To date, the following breed clubs, along with many pet owners, trainers, breeders, and kennel owners have contributed to The Rabies Challenge Fund:
GOOD NEWS ON RABIES AND ALL VACCINES
From The Editor: For all who ever doubted they could achieve or change anything, here’s the proof. People like Kris Christine and Jean Townsend “Always for George, Always for the Rimadyl dogs” prove that one person can move a mountain when they create a snowball. Our deepest gratitude to all who work so hard to protect our best friends! This is one of the most important advances in DogCare during the last two decades. Chris can be contacted at LedgeSpring@lincoln.midcoast.com
The Rabies Challenge Fund
World-renowned vaccine research scientist and practicing veterinary clinician, Dr. W. Jean Dodds of California, and pet vaccine disclosure advocate, Kris L. Christine of Maine, have established The Rabies Challenge Fund to raise money to fund concurrent 5 and 7 year rabies vaccine challenge studies in the United States.
In addition to the challenge studies, the fund will finance a study of the adjuvants used in veterinary rabies vaccines and establish a rabies vaccine adverse reaction reporting system.
Rabies vaccination is the one immunization required by law across the country for domestic dogs and cats, and researchers believe this vaccine causes the most and worst adverse reactions in animals. According to the August 2003 Journal of Veterinary Medicine, a research study by M. Vascellari and colleagues documents cancerous tumors in dogs at the presumed injection sites of rabies vaccinations.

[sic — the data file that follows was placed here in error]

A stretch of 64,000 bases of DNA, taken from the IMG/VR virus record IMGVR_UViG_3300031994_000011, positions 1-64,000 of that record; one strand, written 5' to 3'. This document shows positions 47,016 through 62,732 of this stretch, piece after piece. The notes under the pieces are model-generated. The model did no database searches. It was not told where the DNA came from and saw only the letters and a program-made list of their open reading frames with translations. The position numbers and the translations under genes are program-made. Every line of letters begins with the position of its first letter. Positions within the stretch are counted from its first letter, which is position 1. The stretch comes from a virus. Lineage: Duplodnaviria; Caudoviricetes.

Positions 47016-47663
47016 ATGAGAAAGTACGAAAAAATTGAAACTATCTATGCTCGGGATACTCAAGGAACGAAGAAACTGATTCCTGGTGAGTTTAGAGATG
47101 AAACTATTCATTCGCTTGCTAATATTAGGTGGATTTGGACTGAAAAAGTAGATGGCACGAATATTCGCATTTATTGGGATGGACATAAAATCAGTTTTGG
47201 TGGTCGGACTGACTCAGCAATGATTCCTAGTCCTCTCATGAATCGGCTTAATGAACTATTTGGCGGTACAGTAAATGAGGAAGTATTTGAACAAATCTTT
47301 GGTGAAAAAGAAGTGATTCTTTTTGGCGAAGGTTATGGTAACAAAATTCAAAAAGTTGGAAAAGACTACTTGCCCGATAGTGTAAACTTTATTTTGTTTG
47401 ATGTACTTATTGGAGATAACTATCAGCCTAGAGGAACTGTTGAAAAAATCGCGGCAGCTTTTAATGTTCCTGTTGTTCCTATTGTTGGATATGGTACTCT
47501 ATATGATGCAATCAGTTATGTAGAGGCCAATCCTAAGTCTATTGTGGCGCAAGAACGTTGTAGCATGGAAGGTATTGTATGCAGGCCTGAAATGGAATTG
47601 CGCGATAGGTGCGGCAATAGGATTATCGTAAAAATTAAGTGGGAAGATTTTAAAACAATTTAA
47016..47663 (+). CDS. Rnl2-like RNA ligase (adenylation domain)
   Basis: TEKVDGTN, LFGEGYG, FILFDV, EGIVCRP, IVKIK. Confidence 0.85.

Although pets used to be vaccinated yearly for rabies, the majority of state protocols now require re-vaccination every three years. There are scientific data indicating that vaccinating dogs against rabies every three years is unnecessary. Results of Michel Aubert’s French challenge study published in 1992 demonstrated that dogs were immune to a rabies challenge 5 years after vaccination and the serological studies of Dr. Ronald Schultz (Professor and Chair of the Department of Patho-biological Sciences at the University of Wisconsin School of Veterinary Medicine) have shown that dogs have antibody titer counts at levels known to confer immunity 7 years after vaccination for rabies. The Rabies Challenge Fund has been founded to improve the safety of rabies vaccines and to determine, by challenge, if they confer immunity for 5 or 7 years.